Phineas P. Gage (July 9?, 1823 – May 21, 1860) was a railroad construction foreman now remembered for his incredible survival of an accident in which a large iron rod was driven completely through his head, destroying one or both of his brain’s frontal lobes, and for that injury’s reported effects on his personality and behavior—effects said to be so profound that friends saw him as “no longer Gage.”
Long known as “the American crowbar case”—once termed “the case which more than all others is calculated to excite our wonder, impair the value of prognosis, and even to subvert our physiological doctrines” —Phineas Gage influenced 19th century thinking about the brain and the localization of its functions, and was perhaps the first case suggesting that damage to specific regions of the brain might affect personality and behavior.
Gage is a fixture in the curricula of neurology, psychology and related disciplines, and is frequently mentioned in books and academic papers; he also has a minor place in popular culture. Relative to this celebrity, the body of known fact about the case is remarkably small, so that historically it has been cited in support of mutually incompatible theories of the brain. A survey of accounts of the case has found that even modern scientific presentations are often exaggerated and distorted in significant ways, frequently contradicting the established facts.
Discovery of a daguerreotype portrait of Gage—”handsome…well dressed and confident, even proud,” and holding the tamping iron which injured him—was announced in July 2009 (see right). One researcher points to it as consistent with a “social recovery” hypothesis, under which Gage’s most serious mental changes may have existed for only a limited time after the accident, so that in later life he was much more functional, and socially much better adapted, than has been thought.
Albert Kahn, born at Marmoutier, Bas-Rhin, France on March 3, 1860, died at Boulogne-Billancourt, Seine, France on the night of November 14, 1940, was a banker and French philanthropist.
He was born into a Jewish family, one of 5 children of his parents, Louis and Babette Kahn.
In 1879 he became a bank clerk in Paris but studied for a degree in the evenings. His tutor was Henri Bergson who remained his friend all his life. He graduated in 1881 and continued to mix in intellectual circles making friends with Auguste Rodin and Mathurin Méheut.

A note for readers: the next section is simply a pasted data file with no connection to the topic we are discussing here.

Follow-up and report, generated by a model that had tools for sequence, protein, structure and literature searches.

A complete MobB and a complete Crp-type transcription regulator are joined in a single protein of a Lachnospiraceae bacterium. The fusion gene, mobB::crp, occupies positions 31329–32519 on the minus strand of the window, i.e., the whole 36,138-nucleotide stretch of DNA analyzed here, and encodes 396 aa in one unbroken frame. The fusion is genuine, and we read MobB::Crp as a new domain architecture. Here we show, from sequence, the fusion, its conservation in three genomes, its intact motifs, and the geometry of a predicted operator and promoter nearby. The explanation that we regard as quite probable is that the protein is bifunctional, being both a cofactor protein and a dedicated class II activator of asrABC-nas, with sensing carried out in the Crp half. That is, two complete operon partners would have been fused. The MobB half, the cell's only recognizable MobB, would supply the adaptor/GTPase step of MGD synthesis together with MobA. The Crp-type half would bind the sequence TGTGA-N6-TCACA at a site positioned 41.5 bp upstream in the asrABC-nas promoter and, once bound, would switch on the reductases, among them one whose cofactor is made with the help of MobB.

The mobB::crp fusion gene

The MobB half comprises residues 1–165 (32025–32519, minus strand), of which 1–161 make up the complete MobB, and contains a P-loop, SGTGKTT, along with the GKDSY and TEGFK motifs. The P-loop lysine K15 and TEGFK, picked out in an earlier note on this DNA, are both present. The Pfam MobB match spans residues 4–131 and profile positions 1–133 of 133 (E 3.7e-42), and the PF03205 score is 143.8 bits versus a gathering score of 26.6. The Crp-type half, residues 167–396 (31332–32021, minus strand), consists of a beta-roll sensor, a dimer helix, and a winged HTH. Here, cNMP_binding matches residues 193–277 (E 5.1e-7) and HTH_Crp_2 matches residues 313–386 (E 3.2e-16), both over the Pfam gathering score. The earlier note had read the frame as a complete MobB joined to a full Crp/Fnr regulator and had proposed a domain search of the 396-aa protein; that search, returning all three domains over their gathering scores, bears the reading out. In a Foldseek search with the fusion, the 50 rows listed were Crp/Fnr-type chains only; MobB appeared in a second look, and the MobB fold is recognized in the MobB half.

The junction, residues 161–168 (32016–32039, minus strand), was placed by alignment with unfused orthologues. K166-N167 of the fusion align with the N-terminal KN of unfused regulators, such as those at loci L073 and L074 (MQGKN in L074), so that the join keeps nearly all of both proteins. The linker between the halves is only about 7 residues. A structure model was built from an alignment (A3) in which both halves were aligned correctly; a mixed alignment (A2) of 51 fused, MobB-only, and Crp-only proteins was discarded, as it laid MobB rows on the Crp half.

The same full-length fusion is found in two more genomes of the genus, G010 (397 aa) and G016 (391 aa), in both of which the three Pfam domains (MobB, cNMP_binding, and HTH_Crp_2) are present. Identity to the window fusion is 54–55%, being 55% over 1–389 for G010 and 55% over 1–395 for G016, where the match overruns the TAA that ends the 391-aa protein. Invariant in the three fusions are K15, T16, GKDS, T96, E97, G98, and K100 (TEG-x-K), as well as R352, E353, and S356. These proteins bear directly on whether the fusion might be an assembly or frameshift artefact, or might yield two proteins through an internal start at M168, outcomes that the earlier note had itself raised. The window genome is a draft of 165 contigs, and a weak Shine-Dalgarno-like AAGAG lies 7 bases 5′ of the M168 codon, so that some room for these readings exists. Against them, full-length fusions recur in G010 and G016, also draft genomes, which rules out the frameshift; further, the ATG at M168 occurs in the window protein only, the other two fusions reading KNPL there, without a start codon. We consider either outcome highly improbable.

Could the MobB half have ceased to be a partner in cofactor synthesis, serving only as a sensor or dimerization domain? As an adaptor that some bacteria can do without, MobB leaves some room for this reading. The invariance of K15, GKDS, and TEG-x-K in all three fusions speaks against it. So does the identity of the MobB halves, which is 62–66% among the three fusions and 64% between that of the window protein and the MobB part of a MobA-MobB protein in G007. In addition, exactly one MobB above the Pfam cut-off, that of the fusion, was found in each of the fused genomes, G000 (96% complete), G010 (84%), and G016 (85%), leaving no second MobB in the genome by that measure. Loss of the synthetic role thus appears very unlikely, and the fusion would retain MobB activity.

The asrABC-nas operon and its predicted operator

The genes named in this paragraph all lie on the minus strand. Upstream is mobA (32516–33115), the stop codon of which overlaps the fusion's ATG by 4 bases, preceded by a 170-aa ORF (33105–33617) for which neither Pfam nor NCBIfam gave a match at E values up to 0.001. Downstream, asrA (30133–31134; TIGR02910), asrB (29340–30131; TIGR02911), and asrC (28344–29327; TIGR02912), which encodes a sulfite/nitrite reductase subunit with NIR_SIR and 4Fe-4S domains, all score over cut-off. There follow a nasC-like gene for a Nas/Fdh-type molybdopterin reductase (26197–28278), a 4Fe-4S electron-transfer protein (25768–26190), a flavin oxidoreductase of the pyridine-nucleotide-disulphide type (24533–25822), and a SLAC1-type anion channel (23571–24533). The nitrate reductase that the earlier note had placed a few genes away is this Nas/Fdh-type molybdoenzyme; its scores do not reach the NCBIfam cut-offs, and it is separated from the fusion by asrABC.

In 1892 he became a principal associate of the Goudchaux Bank which was regarded as one of most important financial houses of Europe.
In 1893 he acquired a large property in Boulogne-Billancourt where he established a unique garden containing a variety of garden styles including English, Japanese, a rose garden and a conifer wood. This became a meeting place for French and European intelligentsia until the 1930s when due to the wall street crash Kahn became bankrupt, the garden was turned into a public park in which Kahn would still take walks. Kahn died during the Nazi occupation and so escaped deportation.
In 1909 Kahn travelled to Japan on business and returned with many photographs of the journey. This prompted him to begin a project collecting a photographic record of the entire Earth. He appointed Jean Brunhes as the project director and sent photographers to every continent to record images of the planet using the first colour photography, autochrome plates, and early cinematography. Between 1909 and 1931 they collected 72,000 colour photographs and 183,000 meters of film. These form a unique historical record of 50 countries, known as “The Archives of the Planet”.
Kahn’s photographers began documenting France in 1914, just days before the outbreak of World War I, and by liaising with the military managed to record both the devastation of war, and the struggle to continue everyday life and agricultural work.
He also promoted education at the highest level through travelling scholarships.
The economic crisis of the Great Depression ruined Kahn and put an end to his project.
Since 1986 the photographs have been collected into a museum at 14, Rue du Port, Boulogne-Billancourt, Paris, at the site of his garden. It is now a French national museum and includes four hectares of gardens, as well as the museum which houses his historic photographs and film.
These and many more images have been published in “The Wonderful World of Albert Kahn”
Got to www.albertkahn.co.uk for more information and images.